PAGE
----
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Mad in Mahabad
Recent uprising in the Eastern part of Kurdistan might be counterproductive if it loses peaceful character


August 3, 2005

Depending on the circumstances the peak of Kurdish movement has shifted from one to another part of Kurdistan. Uprisings under the leadership of Malik Mahmood, Mustafa Barzani, Simko, Ghazi Muhamad, Sheikh Said, and Ocalan are a few examples of such a shift.

The remarkably peaceful movement in Southern (Iraqi) Kurdistan during the past decade has been much more productive than previous movements. However, it has stimulated a few other counter productive uprisings in Eastern (Iranian), Northern (Turkish), and Western (Syrian) parts of Kurdistan, which have been brutally suppressed.

The purpose of this article is to argue that the recent uprising in the Eastern part of Kurdistan might also be counterproductive, if it loses its passive and peaceful character. After 11 months of the first self-ruled modern Kurdish state, the Republic of Mahabad was overthrown in 1946 and its leaders hang in public by shah's supporters.

A new movement came to existence under the leaderships of Kurdish organizations such as the Democratic Party of Kurdistan-Iran (PDKI) and Komala, as well as some semi Kurdish groups and religious personalities such as Sheikh Ezzadin and Ahmed Muftizdaeh in the 1970s. This movement was also shot down by religious fundamentalists in the early 1980s.

Due to their nobility or "naivety" two prominent PDKI leaders, Ghasemloo and Sharsafkandi, even tried to negotiate with the Iranian government. However, both were assassinated on the negotiation table in Vienna 1988 and in Berlin in 1992 respectively.

Recently Iranians elected as president Mahmoud Ahmadinejad, a man allegedly involved in the assassination of Dr. Ghasemloo. The outlook of this president symbolizes simplicity and being financially disadvantaged, which might suggest that he would understand those who have been discriminated against. However, if the allegation is true, he might be too dangerous to world civilization.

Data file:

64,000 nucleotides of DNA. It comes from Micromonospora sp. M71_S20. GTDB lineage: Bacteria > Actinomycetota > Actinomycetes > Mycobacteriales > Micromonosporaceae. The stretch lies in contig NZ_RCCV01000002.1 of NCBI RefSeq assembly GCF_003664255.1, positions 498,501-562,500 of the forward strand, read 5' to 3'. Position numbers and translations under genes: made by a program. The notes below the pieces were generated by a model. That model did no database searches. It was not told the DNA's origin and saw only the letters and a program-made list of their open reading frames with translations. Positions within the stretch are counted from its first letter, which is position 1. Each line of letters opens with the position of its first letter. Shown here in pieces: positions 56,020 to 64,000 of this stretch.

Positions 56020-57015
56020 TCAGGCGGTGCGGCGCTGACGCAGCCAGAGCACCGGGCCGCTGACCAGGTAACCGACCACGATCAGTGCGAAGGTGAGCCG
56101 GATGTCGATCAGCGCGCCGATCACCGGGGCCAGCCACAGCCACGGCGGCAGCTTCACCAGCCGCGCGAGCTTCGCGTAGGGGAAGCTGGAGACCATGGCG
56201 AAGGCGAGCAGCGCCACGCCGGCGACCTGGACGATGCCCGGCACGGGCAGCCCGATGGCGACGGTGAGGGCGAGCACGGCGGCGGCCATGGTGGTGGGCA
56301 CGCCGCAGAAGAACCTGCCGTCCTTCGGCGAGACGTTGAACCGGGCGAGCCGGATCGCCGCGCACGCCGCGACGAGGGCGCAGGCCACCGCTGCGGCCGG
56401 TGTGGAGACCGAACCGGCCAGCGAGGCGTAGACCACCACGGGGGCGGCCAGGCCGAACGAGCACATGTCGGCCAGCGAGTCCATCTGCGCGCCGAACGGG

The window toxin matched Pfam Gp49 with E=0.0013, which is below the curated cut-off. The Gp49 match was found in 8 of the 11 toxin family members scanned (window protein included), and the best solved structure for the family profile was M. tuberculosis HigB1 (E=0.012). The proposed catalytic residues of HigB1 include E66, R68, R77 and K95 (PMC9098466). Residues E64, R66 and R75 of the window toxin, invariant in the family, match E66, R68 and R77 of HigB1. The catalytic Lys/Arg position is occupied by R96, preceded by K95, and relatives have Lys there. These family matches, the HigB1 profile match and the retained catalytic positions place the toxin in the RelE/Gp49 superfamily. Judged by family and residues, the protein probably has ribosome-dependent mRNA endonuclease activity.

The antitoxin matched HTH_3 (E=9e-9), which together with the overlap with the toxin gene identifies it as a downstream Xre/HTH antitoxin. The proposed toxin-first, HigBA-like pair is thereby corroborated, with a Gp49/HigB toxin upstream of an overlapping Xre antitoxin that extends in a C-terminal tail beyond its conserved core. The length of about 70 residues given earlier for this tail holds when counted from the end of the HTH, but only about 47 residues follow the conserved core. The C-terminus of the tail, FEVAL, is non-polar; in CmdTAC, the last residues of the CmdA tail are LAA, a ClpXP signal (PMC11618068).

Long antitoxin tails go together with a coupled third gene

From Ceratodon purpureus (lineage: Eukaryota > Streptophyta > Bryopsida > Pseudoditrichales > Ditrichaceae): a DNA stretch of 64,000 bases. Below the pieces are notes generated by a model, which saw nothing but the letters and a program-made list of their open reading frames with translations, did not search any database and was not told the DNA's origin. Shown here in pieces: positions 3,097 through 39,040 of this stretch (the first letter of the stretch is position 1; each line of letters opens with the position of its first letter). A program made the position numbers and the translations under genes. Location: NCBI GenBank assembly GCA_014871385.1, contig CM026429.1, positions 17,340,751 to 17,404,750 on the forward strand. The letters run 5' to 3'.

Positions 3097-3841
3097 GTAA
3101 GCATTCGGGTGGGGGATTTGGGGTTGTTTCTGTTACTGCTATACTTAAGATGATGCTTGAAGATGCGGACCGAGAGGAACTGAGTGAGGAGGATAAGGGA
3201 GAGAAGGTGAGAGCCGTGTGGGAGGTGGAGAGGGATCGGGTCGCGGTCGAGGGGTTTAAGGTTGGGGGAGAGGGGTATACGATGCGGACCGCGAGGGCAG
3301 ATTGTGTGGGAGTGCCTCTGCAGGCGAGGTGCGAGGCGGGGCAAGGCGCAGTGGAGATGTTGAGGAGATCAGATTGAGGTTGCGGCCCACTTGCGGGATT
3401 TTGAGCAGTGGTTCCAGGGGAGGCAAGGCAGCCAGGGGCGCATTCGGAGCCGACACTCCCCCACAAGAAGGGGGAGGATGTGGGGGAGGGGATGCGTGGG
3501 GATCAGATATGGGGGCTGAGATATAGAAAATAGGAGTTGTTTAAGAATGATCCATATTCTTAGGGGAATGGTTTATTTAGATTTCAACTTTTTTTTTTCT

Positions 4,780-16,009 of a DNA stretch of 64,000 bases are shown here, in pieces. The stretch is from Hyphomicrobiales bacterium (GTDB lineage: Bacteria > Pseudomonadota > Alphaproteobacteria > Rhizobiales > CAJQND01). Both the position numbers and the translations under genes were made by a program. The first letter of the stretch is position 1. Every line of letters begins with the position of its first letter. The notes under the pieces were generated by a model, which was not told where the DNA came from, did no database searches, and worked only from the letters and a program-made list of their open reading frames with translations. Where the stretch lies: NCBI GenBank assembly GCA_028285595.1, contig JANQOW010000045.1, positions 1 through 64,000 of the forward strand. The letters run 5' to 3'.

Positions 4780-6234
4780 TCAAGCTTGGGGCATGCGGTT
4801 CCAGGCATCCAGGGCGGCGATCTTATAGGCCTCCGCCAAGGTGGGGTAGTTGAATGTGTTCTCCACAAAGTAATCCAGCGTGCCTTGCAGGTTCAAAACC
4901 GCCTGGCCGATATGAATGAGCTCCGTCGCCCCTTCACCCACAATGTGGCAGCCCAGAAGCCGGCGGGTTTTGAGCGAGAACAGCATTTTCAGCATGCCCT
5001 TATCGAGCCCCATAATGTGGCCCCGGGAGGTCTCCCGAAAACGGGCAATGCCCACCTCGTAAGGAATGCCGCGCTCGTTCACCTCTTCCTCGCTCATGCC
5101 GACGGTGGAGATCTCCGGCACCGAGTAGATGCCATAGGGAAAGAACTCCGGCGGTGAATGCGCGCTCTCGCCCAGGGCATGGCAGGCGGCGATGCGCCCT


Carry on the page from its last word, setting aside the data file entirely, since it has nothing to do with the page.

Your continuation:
To prevent a disaster, the best that could happen would be for this "revolutionary" president to make history by turning himself in to an international court and by doing so instantly free the Middle Eastern of a major menace! Although he wears no turban, the new president is still among the leaders of an extreme ideology which happens to be Islamic fundamentalism with a tendency to appreciate death more than life.

This ideology accepts only one form of truth, god, and prophecy with absolute certainty. The leaders of such an extreme ideology promise their followers that a good life is possible only in heaven via martyrdom and by the killing of non-believers. Similar worldviews including colonialism, and extremist Judaism, Christianity, National-Socialism, and Communism have failed to achieve what Islamic fundamentalism hopes to achieve.

The extremists of any ideology tend to claim that their religion, class, or kind are either better or chosen by a higher power to rescue their own kind or even mankind. No one with a free mind buys these claims any more! The followers of this current extreme ideology seem to be too rigid to understand the value of human life as evident by their terrorist behavior: beheadings, suicide bombings, hangings in public, and callous assassinations.

The story of Shoan Qaderi, who was killed, hung from the back of a vehicle, and dragged in the streets of Mahabad recently is a clear example of this necrophilic culture and use of terror. What happened to Qaderi, for whatever reason, suggests that Eastern Kurdistan is under the control of extremists with a very deviant mind set.

Clearly demanding any natural rights in Iran is a dangerous challenge and might be suppressed very brutally with bloodshed. It is worse than fighting with a stick against creatures infected with rabies. I am wondering how one could reason with or neutralize the behavior of such extremists except with a coordinated international force or with passivity.

Since the coordinated international force is fighting in two other fronts now and being criticized by Chamberlain like politicians, only a passive Ghandi-style movement seems to be the option for liberation of Iran in general and Eastern part of Kurdistan in particular.

What is the role of Eastern Kurdistan under current circumstances?

Although the condition might be intolerable for any free mind, I hope the people there remain passive and patient, educate self and others, protect their Kurdish identity, use pen instead of weapon, and focus primarily on promoting the success of the Southern part of Kurdistan at this stage. In the South not only 98% of the Kurds welcomed a free Kurdistan, but also many progressive Arabs have recognized that both nations should have equal rights.

Only in the southern part of their land are Kurds allowed to read, write, and speak in their own language in public schools and offices. This part has a better chance to reach the ultimate liberation first. Once this part is free, and the masses of their neighboring ethnic groups recognize that Kurds are no threat to them, they might welcome Kurdish hand of friendship and demands for equality.

Let's hope the masses reach such a developmental level so no dictators can brainwash them to kill themselves and others in order to end up in heaven. Let's hope the fundamentalists recognize that many living individuals and societies are already in heaven by believing in liberty, justice, equality and prosperity. Let's hope for a white, orange, pink, or green revolution but not a red or bloody one in the Middle East!

Kamal H. Artin, MD, is a member of the Kurdish American Education Society, California.

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